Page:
Capmark and its units owe $7.1 billion to the 30 largest creditors without collateral backing their claims, according to court documents.
The three biggest are Citibank NA, as administrative agent under the $5.5 billion credit agreement, with a claim of $4.6 billion; Deutsche Bank Trust Co. Americas, as trustee for the 5.875 percent senior notes and the floating senior notes due 2010, with claims of $1.2 billion and $637.5 million, respectively; and Wilmington Trust FSB, as successor trustee for the 6.3 percent senior notes due 2017, with a claim of $500 million, according to court papers.
Capmark filed for bankruptcy following a drop in revenue from loan origination, servicing and its portfolio, said Chandan, who is also an adjunct professor at the Wharton School at the University of Pennsylvania in Philadelphia.
As of June 30, $4 billion in loans were late by 60 days or more, out of a total portfolio of $24.1 billion in securitized or owned mortgages, according to Capmark’s most recent quarterly report. That was up from late payments on $1.52 billion in loans out of a $26.9 billion portfolio as of Dec. 31.
Commercial property values in the U.S. have plunged since 2007 as employers cut jobs and the recession reduced demand for offices, retail space and rental apartments. The Moody’s/REAL Commercial Property Price Indices fell 3 percent in August from July, bringing the decline to almost 41 percent since October 2007, Moody’s Investors Service said Oct. 19.
U.S. office vacancies are at a five-year high, apartment vacancies are at a 23-year record, and retail centers are showing the greatest share of empty store-fronts since 1992, according to real estate research firm Reis Inc. All that unleased space makes it harder for landlords to pay their mortgages to lenders such as Capmark.
Property investors including New York developer Harry Macklowe, whose trophies included Manhattan’s General Motors Building, and Tishman Speyer Properties LP, which controls the Chrysler Building and Rockefeller Center, are being affected by plunging values and a dearth of credit.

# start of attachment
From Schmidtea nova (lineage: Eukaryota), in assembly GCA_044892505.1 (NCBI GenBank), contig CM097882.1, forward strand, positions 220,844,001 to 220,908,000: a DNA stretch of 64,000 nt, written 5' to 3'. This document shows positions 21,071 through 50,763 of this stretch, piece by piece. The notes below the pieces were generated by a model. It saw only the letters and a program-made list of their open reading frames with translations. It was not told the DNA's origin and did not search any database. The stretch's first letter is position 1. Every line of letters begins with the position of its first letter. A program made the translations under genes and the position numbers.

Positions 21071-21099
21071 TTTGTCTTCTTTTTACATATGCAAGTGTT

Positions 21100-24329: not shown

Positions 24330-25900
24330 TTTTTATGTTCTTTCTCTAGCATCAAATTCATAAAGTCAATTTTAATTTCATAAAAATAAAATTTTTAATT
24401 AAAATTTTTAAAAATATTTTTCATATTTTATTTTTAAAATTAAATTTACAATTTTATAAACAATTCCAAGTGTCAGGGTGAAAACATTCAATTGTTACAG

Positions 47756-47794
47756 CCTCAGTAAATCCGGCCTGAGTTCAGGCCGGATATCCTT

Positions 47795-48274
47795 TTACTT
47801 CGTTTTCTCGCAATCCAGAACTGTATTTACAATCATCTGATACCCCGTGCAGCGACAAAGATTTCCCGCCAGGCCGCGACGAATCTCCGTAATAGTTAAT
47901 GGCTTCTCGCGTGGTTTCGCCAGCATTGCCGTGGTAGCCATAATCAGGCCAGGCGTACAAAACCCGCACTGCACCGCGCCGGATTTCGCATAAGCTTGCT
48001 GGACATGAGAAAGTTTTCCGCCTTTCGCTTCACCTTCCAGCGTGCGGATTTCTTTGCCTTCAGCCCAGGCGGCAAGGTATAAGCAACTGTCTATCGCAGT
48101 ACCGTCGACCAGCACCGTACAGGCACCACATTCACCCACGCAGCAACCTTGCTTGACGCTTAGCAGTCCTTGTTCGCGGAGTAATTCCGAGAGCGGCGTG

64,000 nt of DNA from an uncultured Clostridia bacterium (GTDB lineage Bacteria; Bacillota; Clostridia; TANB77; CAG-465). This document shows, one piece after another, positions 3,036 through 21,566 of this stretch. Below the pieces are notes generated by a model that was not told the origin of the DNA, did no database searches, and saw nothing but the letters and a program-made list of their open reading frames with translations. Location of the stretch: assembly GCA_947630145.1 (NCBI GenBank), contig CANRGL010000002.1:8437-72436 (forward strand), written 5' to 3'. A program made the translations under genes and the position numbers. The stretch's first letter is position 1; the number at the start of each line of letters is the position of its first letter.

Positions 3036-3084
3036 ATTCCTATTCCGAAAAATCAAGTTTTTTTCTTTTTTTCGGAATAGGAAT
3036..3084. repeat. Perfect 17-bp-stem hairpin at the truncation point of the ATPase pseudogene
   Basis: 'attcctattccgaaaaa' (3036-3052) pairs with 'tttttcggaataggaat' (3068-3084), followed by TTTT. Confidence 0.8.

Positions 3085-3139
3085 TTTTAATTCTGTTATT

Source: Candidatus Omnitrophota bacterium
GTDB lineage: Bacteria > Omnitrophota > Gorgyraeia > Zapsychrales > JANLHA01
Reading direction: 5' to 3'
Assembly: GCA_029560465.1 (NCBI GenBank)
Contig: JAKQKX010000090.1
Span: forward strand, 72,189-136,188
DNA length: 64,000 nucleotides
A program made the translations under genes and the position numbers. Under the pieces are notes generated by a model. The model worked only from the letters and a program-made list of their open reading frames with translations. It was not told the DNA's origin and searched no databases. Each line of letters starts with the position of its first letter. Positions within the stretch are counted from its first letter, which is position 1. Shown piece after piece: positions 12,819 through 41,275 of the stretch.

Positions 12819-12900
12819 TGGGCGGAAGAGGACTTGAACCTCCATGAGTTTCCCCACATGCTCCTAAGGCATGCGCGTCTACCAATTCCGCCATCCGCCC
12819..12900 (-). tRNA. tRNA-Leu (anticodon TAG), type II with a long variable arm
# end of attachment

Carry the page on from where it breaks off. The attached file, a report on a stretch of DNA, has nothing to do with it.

Losses from commercial real-estate lending pose the biggest threat to U.S. banks as the loans deteriorate, leaders of Federal Deposit Insurance Corp., the Office of the Comptroller of the Currency and Office of Thrift Supervision told the Senate Banking Committee earlier this month.
Capmark had its senior unsecured ratings lowered to C from Caa1 by Moody’s Investors Service Inc. after the announcement of the potential sale, release of the operating results and restructuring efforts, according to a Sept. 9 credit opinion published by Moody’s.
“Unsecured lenders and bondholders, either in a default or restructuring scenario, would experience substantial losses,” Moody’s said.
KKR, the New York-based private-equity company run by Henry Kravis and George Roberts, wrote the investment in Capmark down to zero as of March 31 of this year, according to data provided by KKR’s publicly traded investment vehicle.
Andrea Raphael, a spokeswoman for Goldman Sachs, declined to comment on the status of her firm’s investment in Capmark.
The case is In re Capmark Financial Group Inc., 09-13684, U.S. Bankruptcy Court, District of Delaware (Wilmington).